Make Sure Your Body is Elevated While You Sleep

This can be done in two ways:

Firstly, elevate the position of your head and shoulders with an incline mattress or extra pillows.

Secondly, raise the height of your bed by placing blocks that are 4-6 inches tall underneath the legs of the bed frame to elevate it and help prevent stomach acid from travelling up your esophagus.

Sleep on a Wedge-shaped Pillow

Wedge pillow that is at least 6 to 10 inches thick can help to reduce the pain at night.

Regular pillows may provide some relief but will not be as effective in alleviating the symptoms.

Wear Loose-fitting, Comfortable Clothing

Especially avoid tight clothes around your waist as this can put pressure on your stomach and make night time heartburn worse.

Reduce Intake of Carbonated Drinks

People with GERD are often advised to reduce their carbonated beverage intake.

Evidence suggests that regular consumption of carbonated drinks such as soft drinks, seltzer, and club soda could potentially be linked to an increased risk of reflux-related symptoms such as heartburns, fullness, and burping at night.

This could be attributed to the fact that carbon dioxide in these drinks cause people to engage in more frequent burping, resulting in more acid entering the esophagus.

Quit Smoking

Smoking can cause the digestive tract to become inflamed, as well as weaken the muscles in the esophagus that keep stomach acids from rising up and causing heartburn. Therefore, cutting out cigarettes can be an effective way to reduce instances of late-night heartburn.

Limit Alcohol

If heartburn occurs at night, limiting alcohol intake could be beneficial. Studies have linked higher alcohol consumption to increased acid reflux and heartburn symptoms.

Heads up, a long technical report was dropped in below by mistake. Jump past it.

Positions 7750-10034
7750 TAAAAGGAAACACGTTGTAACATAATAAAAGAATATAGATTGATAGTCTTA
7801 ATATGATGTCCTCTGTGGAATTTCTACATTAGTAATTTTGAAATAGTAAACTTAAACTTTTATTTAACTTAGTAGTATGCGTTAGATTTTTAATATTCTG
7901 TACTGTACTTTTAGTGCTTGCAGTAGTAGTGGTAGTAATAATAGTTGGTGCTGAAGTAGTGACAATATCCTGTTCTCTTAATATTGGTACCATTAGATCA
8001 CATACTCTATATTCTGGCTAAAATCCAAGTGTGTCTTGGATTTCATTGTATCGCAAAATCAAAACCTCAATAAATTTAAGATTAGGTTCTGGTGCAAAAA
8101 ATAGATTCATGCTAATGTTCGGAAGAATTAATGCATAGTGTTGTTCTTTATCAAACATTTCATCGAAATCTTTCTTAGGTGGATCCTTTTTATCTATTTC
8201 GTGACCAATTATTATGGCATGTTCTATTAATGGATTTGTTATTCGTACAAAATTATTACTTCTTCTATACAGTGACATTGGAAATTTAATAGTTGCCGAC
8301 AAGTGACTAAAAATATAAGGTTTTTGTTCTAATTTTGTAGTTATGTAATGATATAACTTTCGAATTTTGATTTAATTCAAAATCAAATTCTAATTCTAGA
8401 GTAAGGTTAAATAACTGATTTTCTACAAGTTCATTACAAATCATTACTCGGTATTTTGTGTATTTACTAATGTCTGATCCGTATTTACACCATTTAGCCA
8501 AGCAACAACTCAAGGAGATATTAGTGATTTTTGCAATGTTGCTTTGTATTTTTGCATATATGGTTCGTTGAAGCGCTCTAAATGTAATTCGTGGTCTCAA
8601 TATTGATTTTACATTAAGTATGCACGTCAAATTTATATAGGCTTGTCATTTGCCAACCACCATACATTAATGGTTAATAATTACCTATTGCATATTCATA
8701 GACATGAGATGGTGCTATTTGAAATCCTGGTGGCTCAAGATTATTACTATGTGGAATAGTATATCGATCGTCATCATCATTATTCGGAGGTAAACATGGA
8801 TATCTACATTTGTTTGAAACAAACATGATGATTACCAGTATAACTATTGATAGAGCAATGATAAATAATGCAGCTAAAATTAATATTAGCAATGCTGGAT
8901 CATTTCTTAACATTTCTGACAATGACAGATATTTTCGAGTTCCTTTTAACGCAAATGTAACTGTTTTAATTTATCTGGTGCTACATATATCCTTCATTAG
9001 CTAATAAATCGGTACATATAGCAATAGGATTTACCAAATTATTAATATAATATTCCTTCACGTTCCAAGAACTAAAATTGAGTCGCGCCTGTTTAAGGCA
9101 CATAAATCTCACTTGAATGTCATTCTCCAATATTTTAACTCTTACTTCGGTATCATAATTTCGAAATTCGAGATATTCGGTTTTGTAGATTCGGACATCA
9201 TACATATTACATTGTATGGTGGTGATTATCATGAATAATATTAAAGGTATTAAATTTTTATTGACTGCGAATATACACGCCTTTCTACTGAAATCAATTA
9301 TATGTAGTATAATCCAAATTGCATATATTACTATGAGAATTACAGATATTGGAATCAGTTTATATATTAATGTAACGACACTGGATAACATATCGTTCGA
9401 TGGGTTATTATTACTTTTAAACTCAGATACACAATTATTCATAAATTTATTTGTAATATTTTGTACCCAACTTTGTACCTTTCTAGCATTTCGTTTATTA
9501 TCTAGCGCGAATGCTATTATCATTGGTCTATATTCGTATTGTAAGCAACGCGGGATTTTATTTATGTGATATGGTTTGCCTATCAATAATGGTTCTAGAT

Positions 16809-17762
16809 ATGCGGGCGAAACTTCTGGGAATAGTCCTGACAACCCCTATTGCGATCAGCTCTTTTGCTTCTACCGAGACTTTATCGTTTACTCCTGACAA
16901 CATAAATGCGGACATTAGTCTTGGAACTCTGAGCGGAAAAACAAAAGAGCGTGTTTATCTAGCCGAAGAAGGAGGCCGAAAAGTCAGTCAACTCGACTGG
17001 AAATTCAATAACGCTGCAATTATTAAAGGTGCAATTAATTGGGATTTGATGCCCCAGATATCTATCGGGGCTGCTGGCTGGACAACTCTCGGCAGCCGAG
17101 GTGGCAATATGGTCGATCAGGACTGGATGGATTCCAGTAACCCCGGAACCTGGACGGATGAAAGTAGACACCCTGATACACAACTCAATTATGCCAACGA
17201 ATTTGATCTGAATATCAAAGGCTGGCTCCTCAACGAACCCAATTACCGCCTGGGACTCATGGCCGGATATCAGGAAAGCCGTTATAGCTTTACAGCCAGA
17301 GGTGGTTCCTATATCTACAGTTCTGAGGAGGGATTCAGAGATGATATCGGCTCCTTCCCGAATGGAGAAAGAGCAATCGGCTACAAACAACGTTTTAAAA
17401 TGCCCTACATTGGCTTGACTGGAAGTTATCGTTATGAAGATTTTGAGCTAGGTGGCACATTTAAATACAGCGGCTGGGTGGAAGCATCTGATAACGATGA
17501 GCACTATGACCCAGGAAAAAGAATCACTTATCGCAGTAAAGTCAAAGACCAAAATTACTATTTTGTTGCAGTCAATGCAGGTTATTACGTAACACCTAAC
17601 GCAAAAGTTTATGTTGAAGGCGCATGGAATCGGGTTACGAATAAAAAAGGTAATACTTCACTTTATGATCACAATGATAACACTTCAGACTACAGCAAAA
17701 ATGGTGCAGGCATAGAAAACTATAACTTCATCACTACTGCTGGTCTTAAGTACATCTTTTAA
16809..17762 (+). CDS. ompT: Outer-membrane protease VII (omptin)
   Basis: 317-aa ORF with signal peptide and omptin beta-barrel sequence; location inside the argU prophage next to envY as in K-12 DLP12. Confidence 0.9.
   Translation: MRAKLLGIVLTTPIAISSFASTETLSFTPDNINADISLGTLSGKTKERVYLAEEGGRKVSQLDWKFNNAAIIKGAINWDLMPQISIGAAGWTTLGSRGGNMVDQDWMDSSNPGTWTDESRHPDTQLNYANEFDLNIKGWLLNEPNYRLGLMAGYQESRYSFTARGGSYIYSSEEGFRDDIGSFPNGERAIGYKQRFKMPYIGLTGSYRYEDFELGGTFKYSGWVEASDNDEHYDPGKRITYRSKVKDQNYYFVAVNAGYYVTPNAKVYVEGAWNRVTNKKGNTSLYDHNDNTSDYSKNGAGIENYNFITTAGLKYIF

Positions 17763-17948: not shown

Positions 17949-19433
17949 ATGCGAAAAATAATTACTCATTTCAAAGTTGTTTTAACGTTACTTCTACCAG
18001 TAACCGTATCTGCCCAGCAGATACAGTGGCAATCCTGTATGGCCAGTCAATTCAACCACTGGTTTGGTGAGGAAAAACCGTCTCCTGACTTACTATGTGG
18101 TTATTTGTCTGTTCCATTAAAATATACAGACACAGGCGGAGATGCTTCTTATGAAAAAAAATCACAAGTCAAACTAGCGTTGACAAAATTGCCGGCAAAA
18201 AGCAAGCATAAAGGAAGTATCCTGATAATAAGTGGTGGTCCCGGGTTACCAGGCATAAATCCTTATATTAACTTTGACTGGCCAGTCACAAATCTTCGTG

Alcohol contributes to the problem by increasing stomach acid, relaxing the lower esophageal sphincter, and compromising the esophagus’ ability to rid itself of excess acid. Some older studies suggest that drinking beer or wine leads to an increase in reflux symptoms compared to just drinking plain water.

Avoid Drinking Too Much Coffee

Many people experience heartburn at night, especially after consuming coffee or caffeine. Caffeine temporarily relaxes the lower esophageal sphincter – an opening between the stomach and the esophagus – which can increase the risk of acid reflux. However, studies on its effects on GERD symptoms have provided inconclusive results.

Some research suggests that it may worsen acid reflux for some individuals as evidenced by greater acid damage in the esophagus; yet, other studies found no significant effects of coffee intake on self-reported symptoms.

Ultimately, if you find that coffee gives you heartburn, it is best to abstain from it or reduce your consumption.

Speak with your Doctor about the Medications You are Taking

Certain drugs, including nonsteroidal anti-inflammatory drugs (NSAIDs), some osteoporosis medicines, certain heart or blood pressure treatments, hormone medications, asthma medications, and antidepressants may be causing or worsening your heartburn symptoms.

Everyone’s experience of heartburn can be different based on their lifestyle and triggers – so it’s important to identify what medications could be a contributing factor as well!